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Football excitement in the air

When practice officially begins Monday, it will be hot, there will be mundane drills, there will be renewed demands of school and work. But everyone can hardly wait.

If they are lucky, really lucky, the temperature might hold steady at just around 95 degrees _ not including the weight of the beating sun and the heat index.

And if they are lucky, everybody will be on time, pay attention, do exactly as the coaches ask, and there won't be any extra laps to take or any extra pushups to do.

And if they are lucky, the first three days will fly by quickly so they can get past the mundane drills and tasks and move on to the important stuff _ helmets and hitting.

Yes, it's that time of year again. The high school football season officially begins Monday with the first sanctioned practice.

And according to the coaches and players in Citrus County, despite the extremely hot weather and the renewed demands of attending school and work, it's not a moment too soon.

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"I'm really excited to have the season going again," Citrus junior tailback Clayton Swearingen said."

For Citrus head coach Larry Bishop, Monday will be dedicated to getting the younger players in stride.

"The first day is really more of an orientation with the younger kids and those that have never played," Bishop said. "We get them their equipment, let them know what we expect of them and what they can expect from us. For those that have been there, we work on the fundamentals, the basics, trying to get them acclimated to the weather, get them used to wearing the helmet and mouthpiece, just those kinds of things."

Bishop's biggest concern over the next three weeks is getting a large number of inexperienced players ready to play. Many of the athletes donning the gold and black this season are new.

"We're real excited," he said. "The whole coaching staff is and the kids seem to be too. Anticipation is really high."

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Across town, Lecanto head coach Dick Slack is hoping to use the first few days to set up the entire season.

"In the coaches meetings I've been telling the coaches we're going to set the tempo and tone for the whole season," Slack said. "We want to be real upbeat. The attitude you set is the attitude your team is going to take."

Lecanto's revamped offense and defense have the Panthers energized like never before heading into the season.

"We want to pick up where we left off in the spring," Slack said. "We'll review things we accomplished in the spring and try to build on that. We were very happy with it (the jamboree) and we think we got a lot of ground covered. We put in a new offense and defense and I think the kids performed."

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The excitement of a new season has everyone excited, but make no mistake about it: The first day of football practice is no piece of cake.

"It's one of the roughest days of the year," Citrus linebacker Wes Davis said. "It's basically what you think about all day in school because there is nothing else to do the first day. And those first three days you're not in pads so it gets repetitive and boring. You just think about all the running you're doing."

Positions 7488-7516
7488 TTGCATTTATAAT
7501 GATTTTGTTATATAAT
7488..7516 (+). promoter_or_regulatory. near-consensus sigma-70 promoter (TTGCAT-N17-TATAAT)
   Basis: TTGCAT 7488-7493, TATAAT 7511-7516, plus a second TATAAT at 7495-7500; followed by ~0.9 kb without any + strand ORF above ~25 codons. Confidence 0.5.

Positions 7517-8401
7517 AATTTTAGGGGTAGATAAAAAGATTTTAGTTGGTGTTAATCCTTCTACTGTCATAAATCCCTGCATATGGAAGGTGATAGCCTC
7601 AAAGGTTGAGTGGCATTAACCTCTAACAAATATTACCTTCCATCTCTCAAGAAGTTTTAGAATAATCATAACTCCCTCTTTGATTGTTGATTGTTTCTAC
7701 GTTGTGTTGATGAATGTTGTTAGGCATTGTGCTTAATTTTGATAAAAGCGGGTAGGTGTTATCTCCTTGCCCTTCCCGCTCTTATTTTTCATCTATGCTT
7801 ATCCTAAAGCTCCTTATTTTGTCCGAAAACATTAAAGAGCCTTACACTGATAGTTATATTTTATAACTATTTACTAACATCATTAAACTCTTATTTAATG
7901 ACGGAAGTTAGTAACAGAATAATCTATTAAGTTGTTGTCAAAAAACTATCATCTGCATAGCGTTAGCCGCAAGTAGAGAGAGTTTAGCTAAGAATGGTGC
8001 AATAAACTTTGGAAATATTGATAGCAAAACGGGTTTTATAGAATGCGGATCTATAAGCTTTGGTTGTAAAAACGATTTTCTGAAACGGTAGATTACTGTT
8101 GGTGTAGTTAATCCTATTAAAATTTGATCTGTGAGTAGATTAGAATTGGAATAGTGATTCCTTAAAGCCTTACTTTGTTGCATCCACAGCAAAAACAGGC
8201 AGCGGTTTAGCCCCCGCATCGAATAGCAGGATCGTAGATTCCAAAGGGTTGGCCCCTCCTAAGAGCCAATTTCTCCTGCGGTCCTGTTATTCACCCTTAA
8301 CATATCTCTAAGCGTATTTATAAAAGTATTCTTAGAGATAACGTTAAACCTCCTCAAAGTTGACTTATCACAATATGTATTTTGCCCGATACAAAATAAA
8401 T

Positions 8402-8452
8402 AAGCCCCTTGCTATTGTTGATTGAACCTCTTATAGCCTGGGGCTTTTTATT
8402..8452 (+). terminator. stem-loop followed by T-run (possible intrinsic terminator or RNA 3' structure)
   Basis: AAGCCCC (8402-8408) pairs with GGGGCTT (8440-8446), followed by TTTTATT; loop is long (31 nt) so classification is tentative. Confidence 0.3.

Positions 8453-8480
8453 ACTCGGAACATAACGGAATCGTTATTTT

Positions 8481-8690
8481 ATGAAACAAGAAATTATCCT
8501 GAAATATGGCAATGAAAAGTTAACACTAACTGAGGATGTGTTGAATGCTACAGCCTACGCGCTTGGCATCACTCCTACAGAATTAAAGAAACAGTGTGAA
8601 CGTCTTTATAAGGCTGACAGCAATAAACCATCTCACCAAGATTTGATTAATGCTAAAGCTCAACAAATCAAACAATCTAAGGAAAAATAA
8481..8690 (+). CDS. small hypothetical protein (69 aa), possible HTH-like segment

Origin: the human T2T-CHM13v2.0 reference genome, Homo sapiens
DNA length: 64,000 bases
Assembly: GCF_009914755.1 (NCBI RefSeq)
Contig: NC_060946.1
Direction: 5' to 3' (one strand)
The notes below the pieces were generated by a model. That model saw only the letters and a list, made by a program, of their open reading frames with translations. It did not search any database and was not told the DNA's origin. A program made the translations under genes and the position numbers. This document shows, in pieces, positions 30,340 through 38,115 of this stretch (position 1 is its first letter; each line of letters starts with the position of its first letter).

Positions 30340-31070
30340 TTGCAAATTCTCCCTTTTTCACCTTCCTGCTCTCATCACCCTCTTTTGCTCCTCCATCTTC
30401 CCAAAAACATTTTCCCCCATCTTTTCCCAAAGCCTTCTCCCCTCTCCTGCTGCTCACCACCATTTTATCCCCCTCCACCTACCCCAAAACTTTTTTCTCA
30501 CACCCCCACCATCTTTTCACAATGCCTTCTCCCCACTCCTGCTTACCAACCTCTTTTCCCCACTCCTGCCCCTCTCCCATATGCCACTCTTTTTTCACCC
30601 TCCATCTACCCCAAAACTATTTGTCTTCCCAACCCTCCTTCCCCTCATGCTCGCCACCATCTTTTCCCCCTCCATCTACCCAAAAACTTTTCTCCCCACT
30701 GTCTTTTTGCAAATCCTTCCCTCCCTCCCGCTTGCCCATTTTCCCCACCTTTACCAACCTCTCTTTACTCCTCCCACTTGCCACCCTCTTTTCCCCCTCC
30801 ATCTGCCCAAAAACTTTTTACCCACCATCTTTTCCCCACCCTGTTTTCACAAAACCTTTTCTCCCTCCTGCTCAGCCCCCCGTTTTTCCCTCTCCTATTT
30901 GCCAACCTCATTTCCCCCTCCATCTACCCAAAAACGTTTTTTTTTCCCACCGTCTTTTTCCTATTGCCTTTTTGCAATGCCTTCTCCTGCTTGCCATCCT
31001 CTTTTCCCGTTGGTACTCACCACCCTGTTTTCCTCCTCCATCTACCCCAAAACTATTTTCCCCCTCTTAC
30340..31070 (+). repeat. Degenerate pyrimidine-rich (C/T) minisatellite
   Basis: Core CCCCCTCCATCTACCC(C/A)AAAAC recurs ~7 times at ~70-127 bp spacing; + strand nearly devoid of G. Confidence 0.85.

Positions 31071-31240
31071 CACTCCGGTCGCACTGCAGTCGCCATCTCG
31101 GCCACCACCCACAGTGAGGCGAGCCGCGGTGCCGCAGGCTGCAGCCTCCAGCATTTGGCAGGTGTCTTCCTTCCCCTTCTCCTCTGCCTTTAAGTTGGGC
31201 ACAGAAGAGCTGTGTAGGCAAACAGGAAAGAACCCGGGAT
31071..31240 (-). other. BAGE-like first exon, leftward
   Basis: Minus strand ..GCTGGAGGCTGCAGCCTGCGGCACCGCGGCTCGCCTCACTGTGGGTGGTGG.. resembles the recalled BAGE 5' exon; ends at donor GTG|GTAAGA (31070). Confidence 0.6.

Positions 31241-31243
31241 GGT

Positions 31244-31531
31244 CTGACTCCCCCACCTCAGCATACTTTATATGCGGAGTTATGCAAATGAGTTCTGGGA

And then there's the subject of the young players.

"A lot of the (young) players aren't used to the heat and heat exhaustion and some will be hurting," Swearingen said. "And there's a lot of confusion for the younger kids because they don't know what they are doing."

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While few expect Crystal River to fall from its perch as the county's pre-eminent program, there are some major concerns following coach Earl Bramlett's third straight 10-win season. Gone are Leroy Hill and Ricky Posselt _ one of the best rushing duos in county history _ and four of the five offensive linemen who helped them combine for nearly 3,000 yards last season.

"We don't have any depth," Bramlett said. "We don't know who our backup running backs are going to be yet and we're not sure who our backups and a lot of our starters on the offensive line are going to be either. We lost everybody on the line."

Bramlett does, however, have some key returning personnel who should make the transition a little easier. Senior tackle Jimmy Wilson, a Times All-North Suncoast first-team selection last year, returns to anchor the young line, while senior Cody Hampton and junior Nate Madison have been penciled in as the starters at halfback and fullback respectively.

"I think our first two can play, but they will have to play on both sides of the ball on every down," Bramlett said. "Last year we had Nate, Cody and Leonard (Johnson Jr.) as backups, which gave the others a chance to rest. We're trying to find someone to do that for us this year, but nobody has stepped up yet. We'll find someone, but they'll probably be young."

Another who will see significantly more time this fall is sophomore quarterback Clayton Trenary, who stepped into the starting role toward the end of last season. This, however, does not point toward a change in the Pirates' run-first philosophy, nor does the lack of depth mean the Crystal River players can expect much of a break when preseason drills start on Monday afternoon.

"We are going to try to do both. We'll try to be balanced, but we feel that if you can't run, you can't win. You may win some, but you're not going to win consistently," Bramlett said.

"We tried to save people once, but we ended up having one of the worst years we've had here. We won't do anything different than we've done the last three years. We'll practice just as hard. That's what the players expect, and if we did it any other way, they would probably be disappointed."

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